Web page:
Over the past week or so, the Big Ten has dropped four games to teams likely to finish outside the top 100 in the RPI. I'm no fan of the RPI or its methodology, but it's still the standard by which all teams are judged, come March.
(Which, by the way, is insane. From October through January, RPI is rarely mentioned. ESPN does not preview the Big Game by citing each team's RPI, and coaches do not mitigate the opponent's W/L record by citing their very difficult RPI strength of schedule. But sometime in February, we all decide that RPI suddenly matters. Why? We were all getting along perfectly well without it. Humbug.)
But even by Pomeroy standards, the likes of NJIT, North Florida, Incarnate Word, and Eastern Michigan are decidedly not the kinds of teams that Michigan, Nebraska, or even Purdue should be losing to. So perhaps it's time for a checkup on those squads.
Michigan: They Are Who We Thought They Were
Michigan is not as good as last year's Michigan. Everyone knows this, everyone expected this. And the ways in which 2014-15 Michigan is different are all predictable:
Glenn Robinson III made 56% of his 2s, but this season much of his minutes are going to Kameron Chatman, who is just making 33% of his. Jordan Morgan and his 70% accuracy on 2s is gone. Spike Albrecht (38.1% on 2s) is playing a lot this season. As I said before the season began, this roster is set up well to shoot jumpers—and they have shot very well—but there weren't many interior scoring options, even accounting for Beilein's offense.
This means that improvement will have to come on defense. That may sound like a dicey proposition given that the team recently allowed 1.22 points per possession to NJIT, but the defense is actually, on the whole, better than last year's. Alas, unlike last year, the Wolverines cannot boast the nation's best offense, so that particular bar is too low if Michigan plans to dance in March.
But the defense should improve. Really, the only weak parts are items that fall firmly into the "unlucky" camp—opponent three-point percentage and opponent free throw percentage. Those will even out, and when they do, we'll resume our regularly-scheduled programming. Of course, those two bad losses are etched in stone, so Michigan's path to an at-large bid looks a lot tougher. Eleven wins might be a necessity.
Nebraska: Where's Walter?
Last season, Walter Pitchford was a tremendously-efficient player. He hit 41% of his 3s, 54% of his 2s, and almost never turned the ball over. And I'm not exaggerating there—he didn't commit his first turnover of the season until Nebraska's 15th game. He had just 15 turnovers for the entire season.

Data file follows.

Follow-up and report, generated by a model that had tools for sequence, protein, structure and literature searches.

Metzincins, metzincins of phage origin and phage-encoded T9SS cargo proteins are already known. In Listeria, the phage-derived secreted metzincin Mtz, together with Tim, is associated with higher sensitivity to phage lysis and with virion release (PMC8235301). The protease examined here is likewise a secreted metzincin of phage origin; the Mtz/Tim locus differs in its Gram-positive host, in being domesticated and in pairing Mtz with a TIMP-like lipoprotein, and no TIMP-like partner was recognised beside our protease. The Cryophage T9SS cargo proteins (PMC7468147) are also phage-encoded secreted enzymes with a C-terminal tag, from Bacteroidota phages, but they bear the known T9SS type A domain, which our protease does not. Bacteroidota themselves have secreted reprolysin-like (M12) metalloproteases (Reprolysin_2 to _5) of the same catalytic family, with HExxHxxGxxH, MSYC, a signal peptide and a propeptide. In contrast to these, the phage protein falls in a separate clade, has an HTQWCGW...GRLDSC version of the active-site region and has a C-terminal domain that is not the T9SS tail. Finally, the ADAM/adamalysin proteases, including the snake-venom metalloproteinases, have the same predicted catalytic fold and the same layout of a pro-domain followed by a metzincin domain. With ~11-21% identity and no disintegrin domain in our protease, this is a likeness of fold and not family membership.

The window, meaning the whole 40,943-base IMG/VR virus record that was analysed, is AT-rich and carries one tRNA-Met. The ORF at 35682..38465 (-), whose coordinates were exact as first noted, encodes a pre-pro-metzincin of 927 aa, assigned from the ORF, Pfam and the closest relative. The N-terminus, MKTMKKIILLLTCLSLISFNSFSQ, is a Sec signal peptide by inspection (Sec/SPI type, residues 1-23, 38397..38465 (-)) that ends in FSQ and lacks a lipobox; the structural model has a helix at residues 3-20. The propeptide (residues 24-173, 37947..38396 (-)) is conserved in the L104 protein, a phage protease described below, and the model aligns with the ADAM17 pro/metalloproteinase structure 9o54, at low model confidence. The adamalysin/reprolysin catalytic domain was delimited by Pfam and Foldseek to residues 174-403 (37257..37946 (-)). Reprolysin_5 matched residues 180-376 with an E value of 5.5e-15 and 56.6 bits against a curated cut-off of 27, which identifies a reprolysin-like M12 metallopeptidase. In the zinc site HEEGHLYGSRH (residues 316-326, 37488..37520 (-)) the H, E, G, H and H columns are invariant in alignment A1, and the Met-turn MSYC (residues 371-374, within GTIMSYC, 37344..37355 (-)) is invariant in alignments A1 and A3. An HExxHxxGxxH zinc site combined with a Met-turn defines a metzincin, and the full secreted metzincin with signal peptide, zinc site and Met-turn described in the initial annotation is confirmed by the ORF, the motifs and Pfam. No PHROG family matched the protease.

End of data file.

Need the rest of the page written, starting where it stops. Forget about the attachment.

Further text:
He already has 13 this year, and that's the relative good news, as he's hitting just 40% of his 2s and 27% of his 3s. Frankly, Nebraska just doesn't have enough scoring options for Pitchford to take this kind of leave of absence. Opponents can get away with focusing on Shavon Shields and Terran Petteway, knowing that no one else is willing or dangerous enough to deal significant damage.
If Nebraska still has eyes on making the Dance, then either Pitchford needs to quickly return to form, or Leslie Smith needs to get better, fast.
Purdue: This Isn't Youth Basketball—You Don't Have to Play Everyone
Matt Painter currently has a 10-man rotation. Maybe John Calipari can get away with that, early in the season, because his team can whip just about anyone even if he picked up lineups out of a hat. But without meaning any offense to the Boilermakers, Painter can't do that.
Specifically, Painter has two centers and what appears to be eight combo guards all receiving regular minutes. I don't know, it seems like there might be some redundancies there. Also, we should probably question why there are 8 players with assist rates of at least 15 and turnover rates of at least 12.5 in the rotation. That seems like entirely too much dribbling and passing for entirely too many players. Assists are great (Purdue is 6th in the country in assists per field goal), but not when they come with a side dish of turnovers (167th in turnover percentage). Kendall Stephens, for example, seems better suited to run off screens and wait for an open 3 (he's hitting 49.2% of those) than dribbling into traffic looking for a 2 (he's hitting 21.4% of those).
Overall, this kitchen has entirely too many cooks.